When Emily Dickinson implored us to “Tell all the Truth but tell it slant,” she wasn’t referring to an injunction to italicize words that people outside hegemonic cultures use on a regular basis, yet are deemed “other.” She was, we assume, referring to telling the truth in an uncommon way, encouraging us to create newness with language—and this newness, this uncommonness, is what is often implied with slanting words: italics.
In the past several years, working alongside fellow writers and translators who strive to operate with feminist, decolonial aesthetics (including my cohort of contributors to Sophie Collins’s edited volume Currently and Emotion: Translations, as well as Tilted Axis Press), I’ve become invested in the active ethos of not italicizing supposedly “foreign” words—words that supposedly aren’t used in the dominant culture. I’ve come to understand the practice of italicizing such words as a form of linguistic gatekeeping; a demarcation between which words are “exotic” or “not found in the English language,” and those that have a rightful place in the text: the non-italicized.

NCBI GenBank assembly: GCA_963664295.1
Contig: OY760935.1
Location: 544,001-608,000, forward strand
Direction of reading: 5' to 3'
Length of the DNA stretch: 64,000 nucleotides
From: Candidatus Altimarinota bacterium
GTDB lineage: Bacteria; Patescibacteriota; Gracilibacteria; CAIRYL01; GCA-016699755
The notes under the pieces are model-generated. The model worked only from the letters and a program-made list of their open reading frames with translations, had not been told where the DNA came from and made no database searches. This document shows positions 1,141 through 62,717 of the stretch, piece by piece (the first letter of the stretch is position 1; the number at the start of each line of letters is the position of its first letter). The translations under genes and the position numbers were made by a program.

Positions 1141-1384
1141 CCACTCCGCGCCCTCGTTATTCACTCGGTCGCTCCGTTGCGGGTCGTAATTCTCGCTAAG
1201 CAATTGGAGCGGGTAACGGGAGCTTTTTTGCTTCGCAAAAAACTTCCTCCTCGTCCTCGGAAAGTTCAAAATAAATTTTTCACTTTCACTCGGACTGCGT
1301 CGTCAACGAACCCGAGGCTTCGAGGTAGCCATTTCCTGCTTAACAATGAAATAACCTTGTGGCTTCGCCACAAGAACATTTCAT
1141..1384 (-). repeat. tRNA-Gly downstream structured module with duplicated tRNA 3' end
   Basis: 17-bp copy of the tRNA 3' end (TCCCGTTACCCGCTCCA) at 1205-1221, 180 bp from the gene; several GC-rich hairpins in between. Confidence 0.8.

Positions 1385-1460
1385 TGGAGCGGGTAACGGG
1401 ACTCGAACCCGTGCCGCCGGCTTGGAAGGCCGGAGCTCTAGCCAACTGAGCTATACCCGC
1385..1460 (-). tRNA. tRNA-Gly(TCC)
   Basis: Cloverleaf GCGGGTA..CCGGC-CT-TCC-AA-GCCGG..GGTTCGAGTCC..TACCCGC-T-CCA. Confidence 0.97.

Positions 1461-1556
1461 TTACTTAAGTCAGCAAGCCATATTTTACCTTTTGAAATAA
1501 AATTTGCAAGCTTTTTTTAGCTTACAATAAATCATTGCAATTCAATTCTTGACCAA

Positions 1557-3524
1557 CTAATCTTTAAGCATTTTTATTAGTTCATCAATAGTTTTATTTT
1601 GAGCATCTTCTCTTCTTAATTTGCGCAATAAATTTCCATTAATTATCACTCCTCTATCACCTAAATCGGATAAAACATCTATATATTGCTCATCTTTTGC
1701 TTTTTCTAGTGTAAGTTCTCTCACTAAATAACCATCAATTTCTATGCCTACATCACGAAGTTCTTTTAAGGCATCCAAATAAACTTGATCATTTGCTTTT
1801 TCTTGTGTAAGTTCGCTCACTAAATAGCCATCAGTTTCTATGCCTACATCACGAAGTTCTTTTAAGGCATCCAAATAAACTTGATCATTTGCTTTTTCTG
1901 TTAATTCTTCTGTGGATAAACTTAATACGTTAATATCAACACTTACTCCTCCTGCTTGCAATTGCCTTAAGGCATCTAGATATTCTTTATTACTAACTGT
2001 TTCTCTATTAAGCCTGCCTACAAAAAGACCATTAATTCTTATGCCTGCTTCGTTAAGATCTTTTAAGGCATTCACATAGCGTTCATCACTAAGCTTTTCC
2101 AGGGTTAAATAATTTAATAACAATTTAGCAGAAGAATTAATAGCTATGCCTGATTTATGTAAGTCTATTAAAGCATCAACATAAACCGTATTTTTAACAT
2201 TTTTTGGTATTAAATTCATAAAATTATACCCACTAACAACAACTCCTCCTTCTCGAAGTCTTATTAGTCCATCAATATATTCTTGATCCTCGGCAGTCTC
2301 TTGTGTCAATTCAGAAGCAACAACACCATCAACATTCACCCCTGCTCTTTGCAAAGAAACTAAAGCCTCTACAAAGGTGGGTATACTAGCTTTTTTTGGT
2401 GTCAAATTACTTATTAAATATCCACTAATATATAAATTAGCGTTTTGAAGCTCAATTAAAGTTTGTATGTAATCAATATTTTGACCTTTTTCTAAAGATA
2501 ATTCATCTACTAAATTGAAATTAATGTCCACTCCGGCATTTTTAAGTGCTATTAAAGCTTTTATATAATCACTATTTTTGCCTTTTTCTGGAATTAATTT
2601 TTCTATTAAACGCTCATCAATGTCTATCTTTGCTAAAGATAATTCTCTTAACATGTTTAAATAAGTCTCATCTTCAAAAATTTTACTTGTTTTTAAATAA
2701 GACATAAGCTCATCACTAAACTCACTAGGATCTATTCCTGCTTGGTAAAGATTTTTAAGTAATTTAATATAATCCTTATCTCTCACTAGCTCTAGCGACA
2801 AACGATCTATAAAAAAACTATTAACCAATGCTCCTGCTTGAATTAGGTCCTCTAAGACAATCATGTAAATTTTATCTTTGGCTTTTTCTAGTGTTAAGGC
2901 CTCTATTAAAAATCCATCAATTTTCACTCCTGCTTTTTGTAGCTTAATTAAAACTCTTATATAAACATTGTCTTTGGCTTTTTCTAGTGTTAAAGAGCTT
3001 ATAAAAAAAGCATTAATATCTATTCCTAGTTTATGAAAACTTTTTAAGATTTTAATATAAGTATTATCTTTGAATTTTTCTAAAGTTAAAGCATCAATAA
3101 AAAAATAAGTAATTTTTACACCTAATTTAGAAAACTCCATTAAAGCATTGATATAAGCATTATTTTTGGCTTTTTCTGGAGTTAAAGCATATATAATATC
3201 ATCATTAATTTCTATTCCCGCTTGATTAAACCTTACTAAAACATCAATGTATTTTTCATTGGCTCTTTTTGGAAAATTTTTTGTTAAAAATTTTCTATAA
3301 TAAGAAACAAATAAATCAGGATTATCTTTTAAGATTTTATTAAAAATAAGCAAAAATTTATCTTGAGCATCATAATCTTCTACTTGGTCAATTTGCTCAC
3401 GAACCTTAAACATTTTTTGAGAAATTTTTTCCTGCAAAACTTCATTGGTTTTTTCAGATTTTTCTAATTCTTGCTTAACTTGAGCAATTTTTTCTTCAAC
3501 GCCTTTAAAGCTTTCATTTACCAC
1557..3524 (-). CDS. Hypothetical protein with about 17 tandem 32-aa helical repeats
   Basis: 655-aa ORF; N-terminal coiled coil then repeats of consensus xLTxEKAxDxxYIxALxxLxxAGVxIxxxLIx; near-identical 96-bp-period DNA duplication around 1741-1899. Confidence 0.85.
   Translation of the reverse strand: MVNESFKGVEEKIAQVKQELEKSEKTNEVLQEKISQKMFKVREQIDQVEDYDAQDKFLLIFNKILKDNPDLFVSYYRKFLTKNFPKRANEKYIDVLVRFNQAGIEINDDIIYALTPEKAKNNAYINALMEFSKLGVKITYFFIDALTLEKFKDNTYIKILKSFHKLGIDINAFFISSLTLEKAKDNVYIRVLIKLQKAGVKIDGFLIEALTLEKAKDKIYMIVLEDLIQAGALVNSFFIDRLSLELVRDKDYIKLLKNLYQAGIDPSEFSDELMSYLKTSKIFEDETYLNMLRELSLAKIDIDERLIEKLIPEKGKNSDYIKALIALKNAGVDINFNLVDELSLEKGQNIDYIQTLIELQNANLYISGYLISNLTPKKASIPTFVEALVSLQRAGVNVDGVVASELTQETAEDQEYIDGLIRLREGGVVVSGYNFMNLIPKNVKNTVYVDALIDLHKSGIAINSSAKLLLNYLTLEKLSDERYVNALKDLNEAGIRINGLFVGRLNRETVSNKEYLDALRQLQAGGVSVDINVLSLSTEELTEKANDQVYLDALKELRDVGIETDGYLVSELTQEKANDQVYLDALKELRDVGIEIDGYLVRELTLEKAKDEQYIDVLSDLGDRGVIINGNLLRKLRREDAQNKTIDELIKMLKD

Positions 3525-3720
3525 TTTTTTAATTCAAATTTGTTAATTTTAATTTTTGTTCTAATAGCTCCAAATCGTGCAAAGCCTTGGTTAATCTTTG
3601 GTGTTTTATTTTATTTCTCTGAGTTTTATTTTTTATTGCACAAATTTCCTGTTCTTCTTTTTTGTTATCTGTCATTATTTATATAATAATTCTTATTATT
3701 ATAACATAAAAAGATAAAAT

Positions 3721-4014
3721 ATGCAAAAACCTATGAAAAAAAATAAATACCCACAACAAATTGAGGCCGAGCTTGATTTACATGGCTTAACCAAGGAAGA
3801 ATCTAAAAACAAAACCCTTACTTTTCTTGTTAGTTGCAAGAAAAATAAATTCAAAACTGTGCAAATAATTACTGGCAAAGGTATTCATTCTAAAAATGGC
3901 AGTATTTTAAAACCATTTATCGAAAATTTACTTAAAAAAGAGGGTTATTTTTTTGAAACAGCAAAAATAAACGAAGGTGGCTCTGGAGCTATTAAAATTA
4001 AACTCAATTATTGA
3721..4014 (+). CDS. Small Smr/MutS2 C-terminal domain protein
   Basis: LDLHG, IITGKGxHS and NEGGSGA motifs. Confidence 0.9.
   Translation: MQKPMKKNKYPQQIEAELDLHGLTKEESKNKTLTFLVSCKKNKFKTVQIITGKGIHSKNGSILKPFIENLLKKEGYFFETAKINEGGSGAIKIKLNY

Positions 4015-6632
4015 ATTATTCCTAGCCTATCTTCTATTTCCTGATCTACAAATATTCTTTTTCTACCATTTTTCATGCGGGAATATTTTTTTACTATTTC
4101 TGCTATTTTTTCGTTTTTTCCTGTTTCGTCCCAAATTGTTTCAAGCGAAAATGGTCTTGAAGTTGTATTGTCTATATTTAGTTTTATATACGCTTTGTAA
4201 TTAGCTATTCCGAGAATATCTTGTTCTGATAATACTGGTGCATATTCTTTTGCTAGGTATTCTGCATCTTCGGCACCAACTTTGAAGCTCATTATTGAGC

This magazine does not italicize non-English words for that reason, a policy I wish other English-language publications would emulate. So normalized is it to italicize the dominated “othered” that it takes people, myself included, many years if not decades to unlearn this trick.
Let’s use the example of food, a topic I’m always eager to discuss as a woman who is often hungry. At what point does a food word become worthy of inclusion in the English language, and according to whom? Who are the editors of which dictionaries? Which populations do they look at for usage frequency, considering more and more of the world (worryingly, for the state of linguistic diversity and cultural preservation in many regions) uses English regularly?